Behavioral Aspects of Supply Chain Integration: Macro and Micro Level Perspectives
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Supply chain integration (SCI) among customers and suppliers is widely touted as a panacea that can resolve a variety of supply chain challenges and create new opportunities. Yet, there is little understanding about SCI. My first research question pertains to identifying the idiosyncratic behavioral nuances associated with SCI. I employ Grounded Theory (GT) methodology to analyze data obtained from interviews with individuals at seven companies. This work suggests that firms engaging in SCI exhibit a set of six behavioral patterns, which vary in degree. I then conjecture that SCI might exist at three different levels: coordination, collaboration, and internalization. Furthermore, very few studies have examined SCI’s antecedents from the supplier’s standpoint. I examine the role of customer leadership behavior which has hardly been the subject of empirical inquiry in this domain. I also empirically study the operant sequence that relates customer leadership behavior to SCI. I develop a theoretical framework and test it using data obtained from 207 firms via survey methodology. My results suggest that a customer’s transformational leadership behavior appears to positively influence trust which impacts affective commitment. Affective commitment is found to engender high levels of SCI. Also, the extant empirical research on SCI is examined from an organizational, and rather impersonal level, as if an invisible hand calls the shots. The role of individual in decision making in largely ignored. I synthesize the Behavioral Agency Model (BAM) and Behavioral Approach and Inhibition Model (BAIM), specify two variables (i.e., Variability in Pay and Socioemotional Wealth) as potential explanatory variables of executive decision making. The main findings reported in this study are based on 125 usable responses obtained by employing a 2x2 experimental design. I find evidence to suggest that only the main effect of variability in pay is positive and statistically significant. This suggests that individuals experiencing high levels of variability in pay are more likely to seek the highest level of SCI A post-hoc analysis, which involved splitting the sample by age (i.e., low & high) groups, yielded interesting findings as the results varied significantly between the two age groups.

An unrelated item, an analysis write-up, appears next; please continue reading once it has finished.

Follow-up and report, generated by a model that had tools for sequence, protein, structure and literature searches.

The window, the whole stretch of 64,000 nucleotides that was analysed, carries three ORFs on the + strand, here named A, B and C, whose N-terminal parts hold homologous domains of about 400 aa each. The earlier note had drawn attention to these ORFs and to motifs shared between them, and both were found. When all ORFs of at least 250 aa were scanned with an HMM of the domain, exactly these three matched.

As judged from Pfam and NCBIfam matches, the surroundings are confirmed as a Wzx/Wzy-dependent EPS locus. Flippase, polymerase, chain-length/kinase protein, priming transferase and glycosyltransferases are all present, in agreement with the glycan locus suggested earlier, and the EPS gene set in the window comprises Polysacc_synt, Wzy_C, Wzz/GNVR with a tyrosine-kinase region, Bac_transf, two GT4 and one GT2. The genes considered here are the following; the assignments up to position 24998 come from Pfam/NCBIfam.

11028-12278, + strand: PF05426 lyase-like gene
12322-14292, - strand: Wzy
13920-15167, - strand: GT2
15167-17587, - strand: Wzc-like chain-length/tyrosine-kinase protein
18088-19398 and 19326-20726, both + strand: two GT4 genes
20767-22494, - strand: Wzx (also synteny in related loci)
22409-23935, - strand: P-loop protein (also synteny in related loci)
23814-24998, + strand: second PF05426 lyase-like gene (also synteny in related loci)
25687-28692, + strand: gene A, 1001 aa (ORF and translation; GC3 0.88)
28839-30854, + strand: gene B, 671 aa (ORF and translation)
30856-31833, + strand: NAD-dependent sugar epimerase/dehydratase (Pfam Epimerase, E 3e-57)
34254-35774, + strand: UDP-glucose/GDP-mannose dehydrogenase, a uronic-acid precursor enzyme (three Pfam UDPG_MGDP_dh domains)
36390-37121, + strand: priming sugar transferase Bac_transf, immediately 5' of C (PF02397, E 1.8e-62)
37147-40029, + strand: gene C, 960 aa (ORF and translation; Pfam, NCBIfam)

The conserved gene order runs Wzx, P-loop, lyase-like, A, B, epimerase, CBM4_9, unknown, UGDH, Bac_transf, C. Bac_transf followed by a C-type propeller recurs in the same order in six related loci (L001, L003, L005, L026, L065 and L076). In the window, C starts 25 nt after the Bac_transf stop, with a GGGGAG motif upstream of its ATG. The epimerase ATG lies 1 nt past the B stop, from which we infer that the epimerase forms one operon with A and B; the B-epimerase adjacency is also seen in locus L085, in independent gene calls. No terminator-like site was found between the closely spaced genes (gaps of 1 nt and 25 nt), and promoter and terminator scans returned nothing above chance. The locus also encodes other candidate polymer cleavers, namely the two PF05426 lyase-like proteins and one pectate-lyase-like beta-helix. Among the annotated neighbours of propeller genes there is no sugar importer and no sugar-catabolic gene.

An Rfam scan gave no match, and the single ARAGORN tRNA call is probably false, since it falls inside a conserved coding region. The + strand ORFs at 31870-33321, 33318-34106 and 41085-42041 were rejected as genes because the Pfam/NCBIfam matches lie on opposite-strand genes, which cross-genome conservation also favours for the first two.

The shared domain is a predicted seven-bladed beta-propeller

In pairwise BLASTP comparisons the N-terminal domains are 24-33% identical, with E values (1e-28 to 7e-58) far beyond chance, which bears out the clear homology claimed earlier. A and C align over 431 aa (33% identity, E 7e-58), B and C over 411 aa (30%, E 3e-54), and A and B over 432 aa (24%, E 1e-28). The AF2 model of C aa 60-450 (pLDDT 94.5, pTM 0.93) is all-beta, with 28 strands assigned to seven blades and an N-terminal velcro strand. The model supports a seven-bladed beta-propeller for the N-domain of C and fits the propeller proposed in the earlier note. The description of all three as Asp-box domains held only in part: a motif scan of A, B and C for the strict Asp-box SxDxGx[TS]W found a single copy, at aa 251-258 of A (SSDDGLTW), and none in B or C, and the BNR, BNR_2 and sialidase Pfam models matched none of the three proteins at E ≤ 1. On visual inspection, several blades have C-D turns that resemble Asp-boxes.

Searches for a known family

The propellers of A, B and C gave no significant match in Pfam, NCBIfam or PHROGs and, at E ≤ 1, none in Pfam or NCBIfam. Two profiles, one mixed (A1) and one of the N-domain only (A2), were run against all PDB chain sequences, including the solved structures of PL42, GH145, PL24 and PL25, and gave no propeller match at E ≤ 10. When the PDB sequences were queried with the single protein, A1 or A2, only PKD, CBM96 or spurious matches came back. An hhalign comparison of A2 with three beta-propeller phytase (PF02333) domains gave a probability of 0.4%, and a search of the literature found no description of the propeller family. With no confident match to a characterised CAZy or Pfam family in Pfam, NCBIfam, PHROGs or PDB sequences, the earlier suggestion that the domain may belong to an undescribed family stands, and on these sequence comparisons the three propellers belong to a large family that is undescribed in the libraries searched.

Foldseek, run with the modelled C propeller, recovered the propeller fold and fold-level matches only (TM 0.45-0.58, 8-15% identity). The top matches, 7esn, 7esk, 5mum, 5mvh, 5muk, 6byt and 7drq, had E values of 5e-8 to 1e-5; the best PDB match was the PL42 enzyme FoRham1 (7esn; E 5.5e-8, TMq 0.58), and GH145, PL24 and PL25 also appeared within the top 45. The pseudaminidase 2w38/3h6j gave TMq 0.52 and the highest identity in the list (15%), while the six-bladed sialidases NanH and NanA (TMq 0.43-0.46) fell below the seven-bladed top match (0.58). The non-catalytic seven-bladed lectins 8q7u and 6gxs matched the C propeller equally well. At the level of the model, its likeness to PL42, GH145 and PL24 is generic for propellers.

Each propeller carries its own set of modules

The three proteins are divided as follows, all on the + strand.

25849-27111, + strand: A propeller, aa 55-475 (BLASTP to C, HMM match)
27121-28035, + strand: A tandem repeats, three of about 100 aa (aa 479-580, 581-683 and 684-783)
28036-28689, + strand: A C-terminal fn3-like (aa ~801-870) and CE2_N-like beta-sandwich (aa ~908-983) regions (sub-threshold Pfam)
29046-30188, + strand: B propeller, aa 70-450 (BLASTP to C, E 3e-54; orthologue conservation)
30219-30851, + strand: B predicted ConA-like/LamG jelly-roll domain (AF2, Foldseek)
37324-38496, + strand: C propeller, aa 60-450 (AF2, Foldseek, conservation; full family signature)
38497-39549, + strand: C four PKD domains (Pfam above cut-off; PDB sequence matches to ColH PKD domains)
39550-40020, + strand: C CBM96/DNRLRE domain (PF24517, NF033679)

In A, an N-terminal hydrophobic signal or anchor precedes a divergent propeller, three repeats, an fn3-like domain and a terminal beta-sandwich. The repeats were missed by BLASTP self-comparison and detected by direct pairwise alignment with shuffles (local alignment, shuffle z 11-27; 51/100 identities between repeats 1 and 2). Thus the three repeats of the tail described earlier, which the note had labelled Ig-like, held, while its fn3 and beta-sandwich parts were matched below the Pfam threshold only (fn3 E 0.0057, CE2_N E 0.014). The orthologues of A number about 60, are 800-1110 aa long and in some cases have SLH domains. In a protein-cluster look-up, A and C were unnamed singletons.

Verghese, Anto John (2014). Behavioral Aspects of Supply Chain Integration: Macro and Micro Level Perspectives. Doctoral dissertation, Texas A & M University. Available electronically from